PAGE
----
Hindi (and Urdu?): baaTaa


Senior Member
In India at least, even in south India, not just in north, when one hires a car driver for a long trip, one pays the driver a daily allowance (for his meals, etc.), besides what one pays for the petrol, driver's services, car, etc. That daily allowance is called "baaTaa" in a lot of regions and languages of India, including Hindi. It's a very, very popular word.

My question is where does this strange-sounding word (sounding like the Canadian? footwear company Bata) come from? Does anyone have any idea? Is it corruption of some English word? If yes, which word? Also, do Urdu speakers also recognise this word?

Thanks in advance!
  • According to Platts it is evidently a corruption of baaNTaa meaning 'divided, portioned', thus 'a portion, a share' which makes sense in the context you described.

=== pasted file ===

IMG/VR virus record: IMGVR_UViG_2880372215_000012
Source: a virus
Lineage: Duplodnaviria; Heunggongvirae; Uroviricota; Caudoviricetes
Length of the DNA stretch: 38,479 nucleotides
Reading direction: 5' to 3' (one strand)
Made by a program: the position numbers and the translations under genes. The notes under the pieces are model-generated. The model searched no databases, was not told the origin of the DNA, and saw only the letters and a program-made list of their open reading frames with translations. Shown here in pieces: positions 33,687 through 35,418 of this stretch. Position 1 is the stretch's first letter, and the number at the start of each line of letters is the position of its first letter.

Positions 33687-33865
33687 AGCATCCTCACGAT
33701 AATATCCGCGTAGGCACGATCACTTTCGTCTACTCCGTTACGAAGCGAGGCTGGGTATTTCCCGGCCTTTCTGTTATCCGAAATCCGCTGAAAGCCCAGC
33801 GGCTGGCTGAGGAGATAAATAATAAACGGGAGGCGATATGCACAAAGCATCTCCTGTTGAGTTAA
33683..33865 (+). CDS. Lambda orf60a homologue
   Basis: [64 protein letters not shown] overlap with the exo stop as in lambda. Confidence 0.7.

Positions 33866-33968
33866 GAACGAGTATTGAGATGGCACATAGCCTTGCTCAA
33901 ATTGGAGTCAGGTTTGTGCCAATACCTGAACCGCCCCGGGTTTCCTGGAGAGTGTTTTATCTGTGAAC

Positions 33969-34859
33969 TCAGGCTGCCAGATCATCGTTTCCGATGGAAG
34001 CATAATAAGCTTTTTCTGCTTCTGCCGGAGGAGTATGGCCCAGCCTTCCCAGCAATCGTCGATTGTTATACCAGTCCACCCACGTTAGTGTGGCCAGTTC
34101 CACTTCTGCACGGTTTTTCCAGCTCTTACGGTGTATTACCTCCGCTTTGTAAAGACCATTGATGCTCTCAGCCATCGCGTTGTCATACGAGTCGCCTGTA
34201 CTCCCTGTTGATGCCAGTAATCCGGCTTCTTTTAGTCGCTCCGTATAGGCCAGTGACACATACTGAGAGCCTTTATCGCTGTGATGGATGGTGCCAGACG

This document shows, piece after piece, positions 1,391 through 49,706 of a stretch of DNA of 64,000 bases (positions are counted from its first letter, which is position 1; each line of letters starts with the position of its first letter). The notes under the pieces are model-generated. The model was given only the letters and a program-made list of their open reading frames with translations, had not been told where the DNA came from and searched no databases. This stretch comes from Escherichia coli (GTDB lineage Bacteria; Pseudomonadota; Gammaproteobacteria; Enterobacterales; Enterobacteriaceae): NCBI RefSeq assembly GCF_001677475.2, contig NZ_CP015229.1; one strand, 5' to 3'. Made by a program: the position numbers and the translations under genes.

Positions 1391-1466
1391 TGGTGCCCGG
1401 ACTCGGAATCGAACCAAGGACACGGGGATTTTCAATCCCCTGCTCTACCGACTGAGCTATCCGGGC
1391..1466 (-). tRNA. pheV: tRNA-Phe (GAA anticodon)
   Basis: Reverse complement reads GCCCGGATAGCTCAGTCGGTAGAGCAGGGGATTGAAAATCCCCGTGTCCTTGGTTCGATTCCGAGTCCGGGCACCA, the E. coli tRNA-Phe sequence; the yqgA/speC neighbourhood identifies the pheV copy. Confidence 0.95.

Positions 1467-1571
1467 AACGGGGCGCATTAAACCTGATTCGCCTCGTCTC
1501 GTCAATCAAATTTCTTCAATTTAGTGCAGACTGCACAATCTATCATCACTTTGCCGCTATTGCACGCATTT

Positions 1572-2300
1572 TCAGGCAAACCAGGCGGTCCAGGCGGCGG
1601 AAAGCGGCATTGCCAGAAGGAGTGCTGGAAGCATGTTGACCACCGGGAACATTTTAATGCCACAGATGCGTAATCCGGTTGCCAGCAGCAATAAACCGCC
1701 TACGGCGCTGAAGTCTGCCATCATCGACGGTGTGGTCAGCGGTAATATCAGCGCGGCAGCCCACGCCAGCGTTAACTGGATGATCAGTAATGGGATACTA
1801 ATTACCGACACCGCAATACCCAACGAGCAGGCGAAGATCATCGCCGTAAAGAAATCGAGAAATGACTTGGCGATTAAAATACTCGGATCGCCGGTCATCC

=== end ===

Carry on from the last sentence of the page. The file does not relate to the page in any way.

^ Thanks, eskandar jii, it may well be so also, though Platts doesn't give any context. Note that "baaTaa" as used in the travel industry is used for a separate daily allowance that one has to pay the car driver, and is often non-negotiable. In a way, yes, it's true that it does represent a share of the total expenses, but it's a strange way to call "allowance" as "portion", if it indeed comes from there. Any other opinions?